The ex-wife had three insurance policies that provided uninsured motorist coverage in the amount of $100,000 per person and $300,000 per accident. Two of the policies also provided coverage for medical expenses up to $10,000. The special administrator of the passenger’s estate asserted a claim for medical payment coverage and uninsured motorist benefits under the policies. The insurance company filed a declaratory judgment action seeking a statement that the decedent was not entitled to coverage benefits because he did not meet the definition of a “resident relative” under the policy provisions. He was not related to the insured by blood, marriage, or adoption on the date of the accident and did not primarily reside with her, according to their view.

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Rental cars offer an incredibly convenient way to travel when you are away from home on vacation or a business trip. There are specific issues that arise when it comes to liability and insurance for rental cars when accidents take place while a renter is behind the wheel. If you were involved in a car accident and one of the parties including yourself was renting a vehicle at the time of the accident, it is crucial for you to understand your rights. Our seasoned team of Chicago car accident lawyers is standing by to assist you.

Recently, an Illinois Court of Appeal issued an opinion in a case involving a rental car collision. A man rented a car with a policy that provided for supplemental liability protection but included an exclusion for situations where the man was under the influence of drugs or alcohol. While driving the rental car, the man was involved in a crash that injured a woman and killed her husband. The man was convicted of driving under the influence of drugs.

The wife filed a personal injury action on behalf of herself and her late husband alleging that he was negligent in operating the rental car and that she sustained injuries and her husband died as a result. She also filed a complaint against the rental car company seeking a declaration that it provided coverage for her damages. The rental car company filed a motion for summary judgment on the basis that it was not required to provide coverage due to the exclusion in the policy and the fact that the driver was intoxicated at the time of the crash.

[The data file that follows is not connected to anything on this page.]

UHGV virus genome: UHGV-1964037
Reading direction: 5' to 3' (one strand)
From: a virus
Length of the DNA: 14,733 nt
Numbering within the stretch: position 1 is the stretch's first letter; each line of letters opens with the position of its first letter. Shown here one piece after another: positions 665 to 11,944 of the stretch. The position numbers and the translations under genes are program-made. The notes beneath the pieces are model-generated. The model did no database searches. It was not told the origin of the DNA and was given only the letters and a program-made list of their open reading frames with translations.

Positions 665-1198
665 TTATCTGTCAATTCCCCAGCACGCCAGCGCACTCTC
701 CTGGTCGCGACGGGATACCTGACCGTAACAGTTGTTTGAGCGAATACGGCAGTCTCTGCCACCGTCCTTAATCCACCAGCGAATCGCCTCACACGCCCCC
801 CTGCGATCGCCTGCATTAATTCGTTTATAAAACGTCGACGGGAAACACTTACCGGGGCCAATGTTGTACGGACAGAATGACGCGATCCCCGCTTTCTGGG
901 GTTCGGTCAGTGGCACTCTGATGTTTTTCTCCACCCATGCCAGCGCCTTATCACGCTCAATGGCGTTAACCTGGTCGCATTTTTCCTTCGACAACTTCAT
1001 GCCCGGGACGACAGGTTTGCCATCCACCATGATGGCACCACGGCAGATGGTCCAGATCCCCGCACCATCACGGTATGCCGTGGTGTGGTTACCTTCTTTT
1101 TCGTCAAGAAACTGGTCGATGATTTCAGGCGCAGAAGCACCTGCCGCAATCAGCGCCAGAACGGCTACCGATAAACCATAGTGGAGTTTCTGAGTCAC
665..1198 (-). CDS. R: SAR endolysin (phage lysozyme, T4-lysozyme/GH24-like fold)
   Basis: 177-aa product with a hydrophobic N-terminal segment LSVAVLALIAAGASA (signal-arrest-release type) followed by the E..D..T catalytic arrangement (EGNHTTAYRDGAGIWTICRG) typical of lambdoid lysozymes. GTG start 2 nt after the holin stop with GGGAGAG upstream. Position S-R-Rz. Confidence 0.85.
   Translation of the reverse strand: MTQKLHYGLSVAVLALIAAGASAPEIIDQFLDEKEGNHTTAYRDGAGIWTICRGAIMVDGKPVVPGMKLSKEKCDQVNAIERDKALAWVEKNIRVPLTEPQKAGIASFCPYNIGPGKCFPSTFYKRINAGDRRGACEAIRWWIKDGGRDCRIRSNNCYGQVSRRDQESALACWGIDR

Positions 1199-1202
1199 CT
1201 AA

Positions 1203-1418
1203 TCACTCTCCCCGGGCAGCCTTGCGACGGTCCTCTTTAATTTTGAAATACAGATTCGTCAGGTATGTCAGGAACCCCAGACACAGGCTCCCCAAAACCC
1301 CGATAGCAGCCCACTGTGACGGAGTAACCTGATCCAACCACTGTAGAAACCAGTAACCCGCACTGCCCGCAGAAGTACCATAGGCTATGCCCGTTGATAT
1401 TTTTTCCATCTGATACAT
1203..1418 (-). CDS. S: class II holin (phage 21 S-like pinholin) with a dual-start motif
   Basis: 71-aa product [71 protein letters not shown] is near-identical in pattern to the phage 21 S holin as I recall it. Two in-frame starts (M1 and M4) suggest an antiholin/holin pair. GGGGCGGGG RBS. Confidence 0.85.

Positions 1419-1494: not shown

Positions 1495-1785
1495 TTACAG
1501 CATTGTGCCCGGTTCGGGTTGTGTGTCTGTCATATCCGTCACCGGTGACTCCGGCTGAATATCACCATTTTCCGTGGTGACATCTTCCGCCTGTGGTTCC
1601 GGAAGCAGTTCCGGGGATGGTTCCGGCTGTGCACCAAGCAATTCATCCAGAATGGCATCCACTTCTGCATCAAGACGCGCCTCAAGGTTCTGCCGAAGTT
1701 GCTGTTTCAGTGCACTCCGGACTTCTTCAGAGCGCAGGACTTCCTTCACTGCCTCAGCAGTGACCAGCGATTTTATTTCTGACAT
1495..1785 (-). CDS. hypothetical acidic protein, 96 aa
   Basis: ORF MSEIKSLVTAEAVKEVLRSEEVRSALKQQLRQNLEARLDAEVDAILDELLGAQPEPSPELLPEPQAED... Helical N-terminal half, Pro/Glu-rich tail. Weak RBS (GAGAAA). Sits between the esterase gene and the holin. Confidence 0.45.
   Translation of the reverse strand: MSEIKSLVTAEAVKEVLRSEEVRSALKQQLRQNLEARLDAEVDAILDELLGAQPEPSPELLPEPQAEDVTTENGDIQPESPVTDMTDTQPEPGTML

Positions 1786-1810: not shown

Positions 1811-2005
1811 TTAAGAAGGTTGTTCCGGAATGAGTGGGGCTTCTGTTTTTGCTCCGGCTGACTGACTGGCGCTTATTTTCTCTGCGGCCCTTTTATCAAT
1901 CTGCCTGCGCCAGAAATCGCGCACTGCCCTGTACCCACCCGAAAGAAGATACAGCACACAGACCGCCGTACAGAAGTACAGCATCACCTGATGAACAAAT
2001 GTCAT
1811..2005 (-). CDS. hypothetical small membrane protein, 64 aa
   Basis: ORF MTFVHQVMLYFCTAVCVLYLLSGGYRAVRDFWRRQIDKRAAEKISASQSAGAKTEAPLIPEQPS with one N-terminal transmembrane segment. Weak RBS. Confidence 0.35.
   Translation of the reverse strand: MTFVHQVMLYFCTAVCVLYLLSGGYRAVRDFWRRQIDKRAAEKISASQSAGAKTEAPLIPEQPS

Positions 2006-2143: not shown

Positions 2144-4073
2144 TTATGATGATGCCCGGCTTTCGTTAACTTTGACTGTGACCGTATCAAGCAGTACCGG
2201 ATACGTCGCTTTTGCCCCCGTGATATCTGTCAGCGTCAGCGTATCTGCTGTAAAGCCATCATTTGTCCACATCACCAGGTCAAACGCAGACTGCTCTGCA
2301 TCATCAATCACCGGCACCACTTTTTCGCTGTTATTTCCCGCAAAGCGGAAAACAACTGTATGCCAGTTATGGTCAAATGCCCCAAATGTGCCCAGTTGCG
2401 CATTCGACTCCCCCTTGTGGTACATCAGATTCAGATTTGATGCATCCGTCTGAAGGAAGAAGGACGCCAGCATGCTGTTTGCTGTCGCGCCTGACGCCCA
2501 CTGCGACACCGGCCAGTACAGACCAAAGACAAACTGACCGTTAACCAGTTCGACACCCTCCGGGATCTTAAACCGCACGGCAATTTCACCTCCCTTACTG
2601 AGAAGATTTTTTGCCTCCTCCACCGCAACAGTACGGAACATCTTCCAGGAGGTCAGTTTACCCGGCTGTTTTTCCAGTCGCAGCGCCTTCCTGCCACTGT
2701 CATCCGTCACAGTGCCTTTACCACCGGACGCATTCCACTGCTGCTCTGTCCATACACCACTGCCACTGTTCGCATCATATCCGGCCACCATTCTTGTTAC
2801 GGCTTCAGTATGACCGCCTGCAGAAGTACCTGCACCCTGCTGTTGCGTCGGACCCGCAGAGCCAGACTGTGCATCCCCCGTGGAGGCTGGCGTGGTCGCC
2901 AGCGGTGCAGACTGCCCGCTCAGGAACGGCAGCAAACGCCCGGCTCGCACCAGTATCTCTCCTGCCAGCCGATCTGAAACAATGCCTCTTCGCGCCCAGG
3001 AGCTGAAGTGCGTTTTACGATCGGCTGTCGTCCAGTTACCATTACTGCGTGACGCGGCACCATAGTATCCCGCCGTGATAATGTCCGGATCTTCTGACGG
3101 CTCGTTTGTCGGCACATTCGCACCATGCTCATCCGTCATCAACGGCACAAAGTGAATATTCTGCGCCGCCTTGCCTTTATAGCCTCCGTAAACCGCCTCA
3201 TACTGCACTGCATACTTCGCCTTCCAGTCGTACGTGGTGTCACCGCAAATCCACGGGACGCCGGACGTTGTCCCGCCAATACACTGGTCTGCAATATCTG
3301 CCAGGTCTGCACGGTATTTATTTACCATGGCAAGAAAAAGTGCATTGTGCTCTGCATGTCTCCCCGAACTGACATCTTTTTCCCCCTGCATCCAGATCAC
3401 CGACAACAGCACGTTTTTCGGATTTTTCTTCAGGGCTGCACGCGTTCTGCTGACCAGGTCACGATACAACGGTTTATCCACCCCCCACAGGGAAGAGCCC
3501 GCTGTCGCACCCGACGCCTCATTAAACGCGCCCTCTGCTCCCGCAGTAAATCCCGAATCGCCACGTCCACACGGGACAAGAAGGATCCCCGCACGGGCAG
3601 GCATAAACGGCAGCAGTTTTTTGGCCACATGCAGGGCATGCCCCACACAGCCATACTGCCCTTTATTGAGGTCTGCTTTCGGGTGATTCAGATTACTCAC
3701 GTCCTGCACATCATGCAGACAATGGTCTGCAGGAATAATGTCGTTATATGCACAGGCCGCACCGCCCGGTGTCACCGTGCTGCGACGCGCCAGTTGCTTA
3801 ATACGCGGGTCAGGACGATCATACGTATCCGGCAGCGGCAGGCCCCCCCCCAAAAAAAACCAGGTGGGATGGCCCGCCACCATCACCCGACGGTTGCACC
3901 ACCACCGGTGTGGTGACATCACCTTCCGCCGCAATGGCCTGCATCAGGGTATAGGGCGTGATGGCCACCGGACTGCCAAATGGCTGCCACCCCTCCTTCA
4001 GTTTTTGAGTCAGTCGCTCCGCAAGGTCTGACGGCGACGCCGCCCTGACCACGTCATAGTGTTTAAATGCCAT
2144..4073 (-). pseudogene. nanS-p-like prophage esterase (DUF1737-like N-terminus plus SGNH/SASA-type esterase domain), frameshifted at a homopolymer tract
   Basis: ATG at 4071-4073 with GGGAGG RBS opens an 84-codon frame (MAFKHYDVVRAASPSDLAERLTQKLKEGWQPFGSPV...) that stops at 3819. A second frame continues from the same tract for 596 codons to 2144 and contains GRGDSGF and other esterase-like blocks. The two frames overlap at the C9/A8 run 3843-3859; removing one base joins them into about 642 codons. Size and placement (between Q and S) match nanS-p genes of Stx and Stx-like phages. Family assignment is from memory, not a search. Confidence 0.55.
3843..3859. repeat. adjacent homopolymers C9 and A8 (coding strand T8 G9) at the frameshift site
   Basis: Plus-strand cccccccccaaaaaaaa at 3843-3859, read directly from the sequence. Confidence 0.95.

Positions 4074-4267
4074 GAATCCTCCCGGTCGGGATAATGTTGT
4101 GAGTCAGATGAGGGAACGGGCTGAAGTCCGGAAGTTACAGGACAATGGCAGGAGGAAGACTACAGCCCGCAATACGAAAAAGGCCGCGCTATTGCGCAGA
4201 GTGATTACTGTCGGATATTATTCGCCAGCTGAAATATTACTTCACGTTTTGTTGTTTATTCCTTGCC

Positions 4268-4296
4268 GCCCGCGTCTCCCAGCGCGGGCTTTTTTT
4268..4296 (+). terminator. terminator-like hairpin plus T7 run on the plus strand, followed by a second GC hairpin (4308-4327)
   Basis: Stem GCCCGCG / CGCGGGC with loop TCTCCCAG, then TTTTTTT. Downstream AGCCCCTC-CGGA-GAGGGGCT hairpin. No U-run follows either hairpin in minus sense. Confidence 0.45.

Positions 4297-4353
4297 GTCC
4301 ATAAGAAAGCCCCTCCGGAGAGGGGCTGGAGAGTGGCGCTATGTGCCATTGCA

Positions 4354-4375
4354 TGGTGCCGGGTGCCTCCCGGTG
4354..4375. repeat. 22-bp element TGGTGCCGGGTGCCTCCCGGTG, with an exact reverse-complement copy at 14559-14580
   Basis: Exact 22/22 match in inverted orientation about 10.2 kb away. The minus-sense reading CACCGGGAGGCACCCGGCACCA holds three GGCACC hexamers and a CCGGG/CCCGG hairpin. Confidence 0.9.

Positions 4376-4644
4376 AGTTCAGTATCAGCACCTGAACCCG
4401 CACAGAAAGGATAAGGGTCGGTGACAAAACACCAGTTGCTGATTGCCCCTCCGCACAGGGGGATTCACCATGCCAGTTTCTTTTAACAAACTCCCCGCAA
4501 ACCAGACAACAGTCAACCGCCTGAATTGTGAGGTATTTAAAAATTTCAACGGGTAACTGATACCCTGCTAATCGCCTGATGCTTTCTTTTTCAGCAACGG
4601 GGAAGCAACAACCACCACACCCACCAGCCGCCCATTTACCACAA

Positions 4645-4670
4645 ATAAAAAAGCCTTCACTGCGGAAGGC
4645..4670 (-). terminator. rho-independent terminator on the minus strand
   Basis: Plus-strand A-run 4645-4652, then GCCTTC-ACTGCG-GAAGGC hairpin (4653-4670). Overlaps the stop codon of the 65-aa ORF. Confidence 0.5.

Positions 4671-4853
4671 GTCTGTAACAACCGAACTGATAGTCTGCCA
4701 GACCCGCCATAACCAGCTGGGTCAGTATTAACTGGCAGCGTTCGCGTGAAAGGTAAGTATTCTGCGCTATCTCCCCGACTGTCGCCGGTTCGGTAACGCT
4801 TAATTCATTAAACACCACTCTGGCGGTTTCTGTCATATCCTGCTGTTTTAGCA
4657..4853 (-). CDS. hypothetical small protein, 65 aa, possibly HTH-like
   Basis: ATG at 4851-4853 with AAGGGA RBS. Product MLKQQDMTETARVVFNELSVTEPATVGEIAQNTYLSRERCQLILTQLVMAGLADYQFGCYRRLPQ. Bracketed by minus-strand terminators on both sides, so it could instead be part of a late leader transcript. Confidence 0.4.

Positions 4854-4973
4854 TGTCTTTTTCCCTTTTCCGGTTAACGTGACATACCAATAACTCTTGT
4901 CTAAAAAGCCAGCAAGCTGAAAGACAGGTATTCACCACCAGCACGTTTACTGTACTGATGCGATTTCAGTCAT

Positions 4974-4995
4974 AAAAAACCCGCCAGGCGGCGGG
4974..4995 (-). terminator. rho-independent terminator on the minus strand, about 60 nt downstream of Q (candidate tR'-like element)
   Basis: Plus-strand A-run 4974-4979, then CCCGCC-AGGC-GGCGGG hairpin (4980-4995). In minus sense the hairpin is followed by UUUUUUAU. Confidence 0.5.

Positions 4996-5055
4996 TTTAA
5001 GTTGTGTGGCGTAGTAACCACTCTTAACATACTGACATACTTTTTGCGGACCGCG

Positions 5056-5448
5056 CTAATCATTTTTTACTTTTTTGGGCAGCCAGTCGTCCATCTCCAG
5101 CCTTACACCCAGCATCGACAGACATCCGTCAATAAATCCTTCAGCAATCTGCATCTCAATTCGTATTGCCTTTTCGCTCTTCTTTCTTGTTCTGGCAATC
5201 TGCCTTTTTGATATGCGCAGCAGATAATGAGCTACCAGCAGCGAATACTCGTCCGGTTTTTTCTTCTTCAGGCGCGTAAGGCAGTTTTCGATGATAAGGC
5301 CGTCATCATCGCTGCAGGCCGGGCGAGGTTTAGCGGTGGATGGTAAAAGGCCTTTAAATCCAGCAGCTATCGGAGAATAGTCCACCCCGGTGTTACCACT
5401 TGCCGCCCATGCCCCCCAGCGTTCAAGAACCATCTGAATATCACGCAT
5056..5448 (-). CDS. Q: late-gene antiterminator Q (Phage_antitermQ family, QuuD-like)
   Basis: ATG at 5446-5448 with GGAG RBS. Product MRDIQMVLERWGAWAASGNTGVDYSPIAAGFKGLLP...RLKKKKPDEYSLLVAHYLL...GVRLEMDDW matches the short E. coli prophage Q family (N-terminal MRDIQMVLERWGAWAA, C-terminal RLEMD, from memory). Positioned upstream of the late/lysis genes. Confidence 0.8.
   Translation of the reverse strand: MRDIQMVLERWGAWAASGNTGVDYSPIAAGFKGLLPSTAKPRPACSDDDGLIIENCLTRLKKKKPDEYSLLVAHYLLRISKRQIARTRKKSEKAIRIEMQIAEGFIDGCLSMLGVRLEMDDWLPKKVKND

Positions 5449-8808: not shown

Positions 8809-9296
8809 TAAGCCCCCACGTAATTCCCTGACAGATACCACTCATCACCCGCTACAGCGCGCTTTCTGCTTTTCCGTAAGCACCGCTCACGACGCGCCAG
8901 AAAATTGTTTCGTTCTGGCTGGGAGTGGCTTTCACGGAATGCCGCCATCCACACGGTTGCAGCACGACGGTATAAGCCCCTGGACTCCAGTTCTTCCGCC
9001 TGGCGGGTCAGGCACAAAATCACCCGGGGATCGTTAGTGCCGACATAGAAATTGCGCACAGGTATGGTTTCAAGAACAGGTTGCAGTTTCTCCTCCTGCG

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Insurance policies can be pretty confusing, especially if you are trying to cover medical bills after a car accident. The seasoned team of car accident lawyers at Therman Law Offices has helped many different Chicago area residents with figuring out their rights after an accident. We will negotiate with insurance companies on your behalf and fight to make sure you get the outcome that you deserve.

The Illinois Court of Appeal recently handed down a decision in a case involving a dispute over an uninsured/underinsured motorist (UIM) policy. The insured was involved in an accident caused by another driver. The other driver had an insurance policy that provided liability coverage in the amount of $25,000 per person. The other driver’s insurance company offered to pay the full policy limits to the insured in exchange for a release of liability, but the insured concluded that her damages were more than $25,000.

The plaintiff filed a lawsuit against her own insurance company alleging that it failed to adhere to the terms of her policy agreement by failing to pay for her damages and medical costs in accordance with her UIM policy. The insurer filed a motion to dismiss on the basis that the insured did not submit a written demand for arbitration in accordance with the policy. The trial court ultimately agreed with the insurance company and dismissed relevant portions of the insured’s complaint. The trial court specifically noted that the policy required the insured to submit a written demand if the insured and insurer disagreed about the amount of coverage she was owed.